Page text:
Erlang bytecodes and/or VM description?
Richard A. O'Keefe
Tue Jun 6 03:16:46 CEST 2006
David Hopwood asked:
> This might seem like a pointed question, but I'll ask it anyway:
> how does one maintain a VM without accurate documentation of the
> executable format it implements? I know I couldn't do it.
This year I have my third-year software engineering students
doing maintenance work on Mawk -- Mike Brennan's version of AWK.
We are in *exactly* this situation. Twice over, in fact.
Mawk includes two instruction sets, one generated from a Yacc grammar
for ordinary statements and expressions, and one generated from some
fairly impenetrable code for regular expressions. If you have read
"Software Tools" -- which I have and my students haven't -- the regexp
code is fairly obvious, although my considered opinion is that it is
going to be easier to rewrite than repair. If you've read Per Brinch
Hansen "On Pascal Compilers" -- which I have and my students haven't --
the main instruction set isn't _that_ hard to figure out, although
there are two quirks of the compiler that make things harder to
understand than they need be. (1) Instead of building ASTs and then
generating code from those, the compiler generates code as it goes,
sometimes bodily shifting large chunks of code from one place to
another in order to cope with generating them out of order. (2) The
AWK language allows you to pass scalars or entire arrays as function
parameters (what if you mix them up? the documentation is either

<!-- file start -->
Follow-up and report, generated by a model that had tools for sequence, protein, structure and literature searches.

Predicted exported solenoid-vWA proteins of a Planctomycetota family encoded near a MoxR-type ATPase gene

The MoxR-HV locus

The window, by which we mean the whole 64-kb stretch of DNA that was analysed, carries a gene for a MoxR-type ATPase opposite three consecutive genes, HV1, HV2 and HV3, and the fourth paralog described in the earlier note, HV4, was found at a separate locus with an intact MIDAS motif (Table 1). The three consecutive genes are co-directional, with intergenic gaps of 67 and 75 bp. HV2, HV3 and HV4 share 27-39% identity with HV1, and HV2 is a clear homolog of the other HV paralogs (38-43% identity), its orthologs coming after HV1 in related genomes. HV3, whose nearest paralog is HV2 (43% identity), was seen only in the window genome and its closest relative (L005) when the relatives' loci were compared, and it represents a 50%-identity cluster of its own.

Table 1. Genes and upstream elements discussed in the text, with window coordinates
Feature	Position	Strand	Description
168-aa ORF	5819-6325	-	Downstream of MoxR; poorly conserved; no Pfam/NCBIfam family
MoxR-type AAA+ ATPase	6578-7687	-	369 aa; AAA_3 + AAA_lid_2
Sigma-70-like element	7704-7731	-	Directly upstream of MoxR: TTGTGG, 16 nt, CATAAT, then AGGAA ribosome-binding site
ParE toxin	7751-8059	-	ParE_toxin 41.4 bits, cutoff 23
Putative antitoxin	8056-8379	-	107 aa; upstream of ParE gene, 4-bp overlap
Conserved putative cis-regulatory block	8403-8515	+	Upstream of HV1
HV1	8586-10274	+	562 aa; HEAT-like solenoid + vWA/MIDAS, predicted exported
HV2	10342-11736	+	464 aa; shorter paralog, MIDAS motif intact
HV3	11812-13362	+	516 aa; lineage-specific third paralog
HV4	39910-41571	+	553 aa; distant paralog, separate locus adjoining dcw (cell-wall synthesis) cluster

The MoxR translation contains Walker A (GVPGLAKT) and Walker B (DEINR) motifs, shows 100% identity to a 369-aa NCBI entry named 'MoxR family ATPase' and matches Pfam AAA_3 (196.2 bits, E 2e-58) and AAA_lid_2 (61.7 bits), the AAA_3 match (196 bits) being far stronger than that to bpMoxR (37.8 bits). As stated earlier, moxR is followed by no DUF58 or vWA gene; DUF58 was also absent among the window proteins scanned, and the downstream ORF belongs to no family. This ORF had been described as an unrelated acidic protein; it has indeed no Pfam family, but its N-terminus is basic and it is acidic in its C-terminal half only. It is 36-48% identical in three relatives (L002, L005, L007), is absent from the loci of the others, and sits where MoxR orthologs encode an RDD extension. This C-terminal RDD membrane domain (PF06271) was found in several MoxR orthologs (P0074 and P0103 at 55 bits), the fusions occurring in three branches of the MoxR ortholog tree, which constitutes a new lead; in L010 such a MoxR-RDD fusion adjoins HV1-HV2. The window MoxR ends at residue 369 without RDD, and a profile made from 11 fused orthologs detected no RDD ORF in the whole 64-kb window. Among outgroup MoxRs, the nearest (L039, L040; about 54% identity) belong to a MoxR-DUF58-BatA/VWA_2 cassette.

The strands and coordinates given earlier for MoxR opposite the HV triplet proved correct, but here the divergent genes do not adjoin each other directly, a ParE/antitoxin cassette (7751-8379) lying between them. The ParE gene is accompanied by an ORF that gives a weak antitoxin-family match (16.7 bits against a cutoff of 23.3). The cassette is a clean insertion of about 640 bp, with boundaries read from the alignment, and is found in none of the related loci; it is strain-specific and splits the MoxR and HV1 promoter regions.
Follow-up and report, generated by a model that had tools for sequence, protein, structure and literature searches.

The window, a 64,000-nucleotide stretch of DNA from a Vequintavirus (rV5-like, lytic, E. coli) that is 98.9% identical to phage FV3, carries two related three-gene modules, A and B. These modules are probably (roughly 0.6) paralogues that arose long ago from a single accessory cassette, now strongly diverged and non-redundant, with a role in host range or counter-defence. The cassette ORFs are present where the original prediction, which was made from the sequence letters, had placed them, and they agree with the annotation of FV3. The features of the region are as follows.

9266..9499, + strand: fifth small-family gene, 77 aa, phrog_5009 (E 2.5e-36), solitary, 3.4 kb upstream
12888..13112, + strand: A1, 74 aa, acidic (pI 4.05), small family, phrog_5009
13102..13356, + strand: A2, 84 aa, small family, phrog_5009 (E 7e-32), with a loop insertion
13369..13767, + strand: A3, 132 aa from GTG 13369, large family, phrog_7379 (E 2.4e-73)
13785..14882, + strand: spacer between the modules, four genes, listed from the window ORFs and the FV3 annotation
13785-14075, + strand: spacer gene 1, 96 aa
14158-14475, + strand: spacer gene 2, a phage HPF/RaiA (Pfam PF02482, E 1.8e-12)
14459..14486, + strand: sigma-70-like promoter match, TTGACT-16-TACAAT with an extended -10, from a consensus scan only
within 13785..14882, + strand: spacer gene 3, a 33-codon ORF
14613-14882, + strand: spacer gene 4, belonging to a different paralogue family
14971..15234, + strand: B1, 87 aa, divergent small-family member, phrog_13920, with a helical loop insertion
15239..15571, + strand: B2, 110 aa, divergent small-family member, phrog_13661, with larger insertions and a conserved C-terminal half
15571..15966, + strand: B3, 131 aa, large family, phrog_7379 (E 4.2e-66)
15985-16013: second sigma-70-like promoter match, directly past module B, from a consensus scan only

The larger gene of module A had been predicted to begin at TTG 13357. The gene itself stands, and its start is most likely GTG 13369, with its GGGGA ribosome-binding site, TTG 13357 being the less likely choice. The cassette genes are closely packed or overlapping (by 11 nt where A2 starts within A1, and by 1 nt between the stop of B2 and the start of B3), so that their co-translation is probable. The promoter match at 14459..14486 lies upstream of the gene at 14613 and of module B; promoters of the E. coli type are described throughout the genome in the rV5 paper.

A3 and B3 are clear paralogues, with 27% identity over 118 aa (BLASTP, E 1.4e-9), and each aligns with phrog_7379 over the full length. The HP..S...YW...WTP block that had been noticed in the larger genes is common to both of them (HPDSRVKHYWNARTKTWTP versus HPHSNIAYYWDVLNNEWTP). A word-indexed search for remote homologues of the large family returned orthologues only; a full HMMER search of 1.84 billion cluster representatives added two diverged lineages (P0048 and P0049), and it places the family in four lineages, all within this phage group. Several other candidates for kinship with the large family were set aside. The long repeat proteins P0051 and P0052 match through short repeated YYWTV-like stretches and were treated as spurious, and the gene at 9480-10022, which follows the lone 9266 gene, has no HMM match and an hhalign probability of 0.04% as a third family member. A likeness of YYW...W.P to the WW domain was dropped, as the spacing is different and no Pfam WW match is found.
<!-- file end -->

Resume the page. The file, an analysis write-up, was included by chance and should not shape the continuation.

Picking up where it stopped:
entirely silent or explicitly refuses to say, depending on which AWK
you are dealing with), and Mawk does a wee bit of type inference to
try and figure out what's what. If you've read anything on type
inference -- you know what goes here -- it's not terribly hard to
figure out what is going on, BUT by the time the type inference is
done the code has already been generated, and so the type inference
pass has to go back and patch some of it up, which is a little bit
You're probably underestimating your abilities. It just takes
imagination and dedication.
What it takes is *BACKGROUND*. If you have a reasonably good idea of
how something like this OUGHT to work, then you can probably figure
things out. But while you do so, you will curse the author for not
having the decency to *TELL* you what he knew and you have to rediscover.
Why maintain Mawk? Because it needs maintenance (we have now fixed almost
all of the known Mawk bugs and several that weren't on the list) and because
it is worth maintaining: it is easily the fastest AWK around.
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